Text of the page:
I miss Merlin; he has a lazy left eye slightly out of synch with his right and this gives his stare a weird quality and odd beauty. Unlike all other coyotes I have encountered, Merlin regularly let me slowly approach him with the camera to a distance of roughly fifteen feet, fixating on me like a madman — that is, as if I was the madman. Towards the end of his stay I noted some facial wounds on him, a large swollen “knot” was evident on his left ankle and he visibly limped for several days. There must have been physical drama with the establish couple; Merlin moved away shortly thereafter.
Another summer visitor was an aggressive young male with a missing canine tooth. I witnessed and photographed a snarling confrontation between him and the established male; there may have been nips exchanged but the event resulted in no serious injury. However, whenever I saw the new male again he wrenched his face in furious grimaces, lowered his head, pinned back his ears, arched his back and generally looked spooky with mouth agape and his missing tooth. I gave him the name Chupie, for Chupacabra, the crypto-vampire “goat sucker” from Latin America (I did Student Teaching in an East Los Angeles Middle School where the athletic teams were The Chupacabras and “Go Chupies” posters festooned the hallways). I have not seen Chupie the coyote for nearly one month. It appears that coyotes resolve disputes without fatalities.
In his Roughing It, Mark Twain describes the coyote as a lurking presence and always hungry, prompting later writers to claim coyotes are driven only by the quest for food. But there is far more. Coyote emotions are observable and undeniable. The more I photograph them the more facial expressions I see that reveal an emotional spectrum from vulnerability, to affection, to confusion, to annoyance. Perhaps the most unexpected revelation photographing coyotes for me is their penetrating eyes, usually only momentarily glimpsed but recorded in photographs. When the resident female was in full pregnancy I witnessed her mate gently lick her nose and nuzzle her face and then stand by while she consumed a mouse killed by my cat. I have seen both parents goof with their daughter in frisky bumps and paw slaps. I cannot describe it, but for a moment the big male seemed to act like a graceless doofus for his daughter’s amusement. And then there are the astonishing songs and yodels drifting through the nights, sounds that resonate in me in a manner similar to those of whale melodies.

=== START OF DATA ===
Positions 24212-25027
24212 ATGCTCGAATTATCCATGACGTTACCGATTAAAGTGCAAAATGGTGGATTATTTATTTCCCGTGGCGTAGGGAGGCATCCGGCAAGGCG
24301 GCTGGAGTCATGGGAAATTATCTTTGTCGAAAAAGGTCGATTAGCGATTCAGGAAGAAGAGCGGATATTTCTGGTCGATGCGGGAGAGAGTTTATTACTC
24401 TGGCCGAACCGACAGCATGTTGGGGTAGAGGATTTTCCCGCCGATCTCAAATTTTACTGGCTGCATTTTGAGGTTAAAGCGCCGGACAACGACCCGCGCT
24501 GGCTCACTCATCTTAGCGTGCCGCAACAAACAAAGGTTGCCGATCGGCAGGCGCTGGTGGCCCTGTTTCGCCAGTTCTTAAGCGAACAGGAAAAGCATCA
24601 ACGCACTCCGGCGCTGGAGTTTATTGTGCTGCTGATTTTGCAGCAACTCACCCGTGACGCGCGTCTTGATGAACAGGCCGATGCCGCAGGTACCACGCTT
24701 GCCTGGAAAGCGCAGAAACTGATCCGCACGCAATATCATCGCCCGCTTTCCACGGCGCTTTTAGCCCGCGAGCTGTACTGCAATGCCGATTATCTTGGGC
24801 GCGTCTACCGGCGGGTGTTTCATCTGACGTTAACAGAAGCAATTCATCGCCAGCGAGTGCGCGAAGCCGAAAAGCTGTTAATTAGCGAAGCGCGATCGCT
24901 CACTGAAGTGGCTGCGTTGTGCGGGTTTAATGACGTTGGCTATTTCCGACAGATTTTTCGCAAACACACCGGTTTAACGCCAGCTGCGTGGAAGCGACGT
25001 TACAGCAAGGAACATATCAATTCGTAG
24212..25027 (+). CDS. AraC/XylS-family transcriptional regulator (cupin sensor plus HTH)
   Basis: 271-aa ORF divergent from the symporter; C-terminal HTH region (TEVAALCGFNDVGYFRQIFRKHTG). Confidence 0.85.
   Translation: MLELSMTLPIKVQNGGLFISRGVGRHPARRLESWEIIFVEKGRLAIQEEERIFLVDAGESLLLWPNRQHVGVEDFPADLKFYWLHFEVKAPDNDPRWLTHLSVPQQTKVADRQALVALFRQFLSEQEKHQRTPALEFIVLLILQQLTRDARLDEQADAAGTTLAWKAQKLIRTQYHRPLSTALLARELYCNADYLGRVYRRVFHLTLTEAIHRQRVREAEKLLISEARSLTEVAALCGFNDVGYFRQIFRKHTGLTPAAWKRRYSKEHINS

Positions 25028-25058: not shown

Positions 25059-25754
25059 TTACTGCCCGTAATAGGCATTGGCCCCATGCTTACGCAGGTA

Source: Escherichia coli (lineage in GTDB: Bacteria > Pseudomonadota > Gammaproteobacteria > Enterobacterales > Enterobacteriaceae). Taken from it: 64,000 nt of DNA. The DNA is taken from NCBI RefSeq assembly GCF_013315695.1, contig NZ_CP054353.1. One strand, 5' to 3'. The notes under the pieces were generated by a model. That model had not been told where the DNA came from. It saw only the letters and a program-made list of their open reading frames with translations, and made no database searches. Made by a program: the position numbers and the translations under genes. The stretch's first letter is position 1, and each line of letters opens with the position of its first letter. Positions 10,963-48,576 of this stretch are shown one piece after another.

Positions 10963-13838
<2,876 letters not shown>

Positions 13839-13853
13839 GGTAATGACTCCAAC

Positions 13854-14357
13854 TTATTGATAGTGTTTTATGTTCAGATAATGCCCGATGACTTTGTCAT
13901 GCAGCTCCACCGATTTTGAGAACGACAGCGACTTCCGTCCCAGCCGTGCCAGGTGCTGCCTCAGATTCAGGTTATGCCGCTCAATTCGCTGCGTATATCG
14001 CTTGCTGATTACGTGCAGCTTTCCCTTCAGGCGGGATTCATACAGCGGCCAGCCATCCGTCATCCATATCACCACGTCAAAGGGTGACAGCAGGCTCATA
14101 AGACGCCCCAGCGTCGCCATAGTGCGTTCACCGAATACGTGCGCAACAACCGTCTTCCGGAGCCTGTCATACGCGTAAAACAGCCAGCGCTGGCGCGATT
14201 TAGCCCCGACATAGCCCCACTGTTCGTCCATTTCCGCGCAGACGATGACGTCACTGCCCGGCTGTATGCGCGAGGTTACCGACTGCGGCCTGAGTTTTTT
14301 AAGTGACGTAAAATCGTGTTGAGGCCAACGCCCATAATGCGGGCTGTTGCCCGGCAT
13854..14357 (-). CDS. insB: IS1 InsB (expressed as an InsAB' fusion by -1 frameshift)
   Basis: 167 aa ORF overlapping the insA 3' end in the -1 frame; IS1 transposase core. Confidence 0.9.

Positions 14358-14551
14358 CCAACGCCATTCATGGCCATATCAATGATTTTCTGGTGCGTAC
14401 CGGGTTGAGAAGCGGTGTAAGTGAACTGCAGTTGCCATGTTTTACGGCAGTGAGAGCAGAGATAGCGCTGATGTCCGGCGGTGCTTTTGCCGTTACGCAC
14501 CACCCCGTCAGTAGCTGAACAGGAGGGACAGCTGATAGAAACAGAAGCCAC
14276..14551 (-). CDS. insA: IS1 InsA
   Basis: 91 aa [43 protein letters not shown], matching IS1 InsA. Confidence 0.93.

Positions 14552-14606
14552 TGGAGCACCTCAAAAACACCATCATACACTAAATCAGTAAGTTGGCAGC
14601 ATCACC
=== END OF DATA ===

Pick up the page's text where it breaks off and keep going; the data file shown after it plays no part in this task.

In his marvelous NY Times Best-Selling book Coyote America Dan Flores captures Coyote Nature and the probable reason for the ubiquity of the coyote’s importance in hundreds of Indigenous religions of North America: Coyote Nature mirrors Human Nature, with all of its contradictions and complexities, intelligence, promise of great cooperative achievement, solo quests, good, bad, inborn dignity — perhaps nobility — and interludes of utter buffoonery. Throughout it all, coyote persists, adapts, evolves, bends and constantly reinvents her or himself.
Today’s dominant European-rooted cultures of North America seem inexperienced with the Coyote Way or perhaps never recognized it. How different from The Human Condition is The Coyote Condition?
Humanity faces what from all best indications looks to be a noir future, a daunting challenge, environmentally and ecologically. Coyotes have already experienced at least two similarly epic climate swings, one the demise of deep cold and wet, the other a peak of hot and dry. Many, many other creatures did not survive those. Coyotes did, and they originally attracted our attention because of it. They have also survived our own attempt to wipe them off the planet, and we were pretty damned dedicated to that. As our future unreels, I for one am going to be watching coyotes very, very closely to see just what they do.
— Dan Flores, Coyote America
Used with permission